On our second morning in the Orkneys, we woke up to snow. It was lovely to look at, but made us wonder about our plan to catch the ferry to Hoy for the day. From what we had read, Hoy was supposed to be very beautiful, but there wouldn’t be much to do there if the weather wasn’t cooperating. While we were at breakfast, the sun came out.
We scanned five different weather apps, which offered five different guesses as to how the rest of the day was going to play out. We decided to jump in the car and head to the ferry.
Along the drive, it sleeted heavily, and we began to second-guess our decision. It cleared up as we were waiting to board, and the ride over was sunny.
On Hoy, we went into the cafe at the Scapa Flow Visitor Centre to grab some sandwiches to take on our hike (we should have gotten some on Mainland, but we were running short on time). While we were in there, it started to hail, which made quite the racket on the corrugated metal roof.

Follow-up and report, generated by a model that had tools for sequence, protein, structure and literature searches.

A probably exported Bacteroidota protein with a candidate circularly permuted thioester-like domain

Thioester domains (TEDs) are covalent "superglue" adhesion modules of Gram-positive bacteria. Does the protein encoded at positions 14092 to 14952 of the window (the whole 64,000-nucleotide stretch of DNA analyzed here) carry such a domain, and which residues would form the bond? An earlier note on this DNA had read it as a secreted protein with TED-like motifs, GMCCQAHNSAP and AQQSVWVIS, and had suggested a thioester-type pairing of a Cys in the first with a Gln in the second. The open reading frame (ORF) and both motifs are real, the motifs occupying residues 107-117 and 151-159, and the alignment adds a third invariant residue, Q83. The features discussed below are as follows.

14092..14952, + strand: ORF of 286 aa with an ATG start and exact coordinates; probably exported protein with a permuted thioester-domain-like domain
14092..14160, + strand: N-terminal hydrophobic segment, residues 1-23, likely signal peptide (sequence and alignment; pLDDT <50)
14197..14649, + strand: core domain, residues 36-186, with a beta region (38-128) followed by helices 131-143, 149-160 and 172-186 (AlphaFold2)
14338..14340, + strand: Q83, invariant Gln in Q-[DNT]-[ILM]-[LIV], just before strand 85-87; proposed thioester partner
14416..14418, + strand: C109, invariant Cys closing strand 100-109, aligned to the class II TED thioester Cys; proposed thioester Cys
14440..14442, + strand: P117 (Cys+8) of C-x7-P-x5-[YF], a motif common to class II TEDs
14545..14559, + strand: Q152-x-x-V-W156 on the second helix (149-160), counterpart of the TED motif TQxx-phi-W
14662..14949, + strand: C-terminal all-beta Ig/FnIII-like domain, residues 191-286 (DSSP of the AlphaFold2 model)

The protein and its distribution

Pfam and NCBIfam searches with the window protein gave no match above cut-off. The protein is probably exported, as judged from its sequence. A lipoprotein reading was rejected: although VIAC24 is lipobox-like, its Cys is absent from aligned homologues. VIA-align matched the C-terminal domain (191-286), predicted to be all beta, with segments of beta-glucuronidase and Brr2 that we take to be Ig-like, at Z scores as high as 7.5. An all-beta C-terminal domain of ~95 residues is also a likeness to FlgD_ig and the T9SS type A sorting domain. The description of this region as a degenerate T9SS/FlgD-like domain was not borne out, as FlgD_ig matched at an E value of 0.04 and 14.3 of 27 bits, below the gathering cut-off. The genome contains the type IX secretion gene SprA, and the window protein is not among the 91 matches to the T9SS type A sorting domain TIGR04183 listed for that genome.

We ran back out to the car and started up the single-track road to the starting point for our hike, still wondering whether this whole day would turn out to be a bust.
We drove to Rackwick, which was little more than a handful of small houses at the end of the road on the west coast of Hoy. It was sunny again by the time we parked, so we got out and hiked, following the signposts marked “Old Man”.
It was sunny the whole way to the Old Man and back. We had the place to ourselves.
The Old Man of Hoy is a well-known sea stack, and he deserves his fame. We enjoyed eating lunch with him. We stuck around for a bit to do some sketching and bird photography, as well.
After our hike we drove around the island a bit. We stopped to chat with an RSPB man who was happy to show us some nesting sea eagles (making their first appearance on Hoy in 142 years) through his giant telescope.
On our way back to the ferry, it started to drizzle. Our day of every single type of precipitation was complete.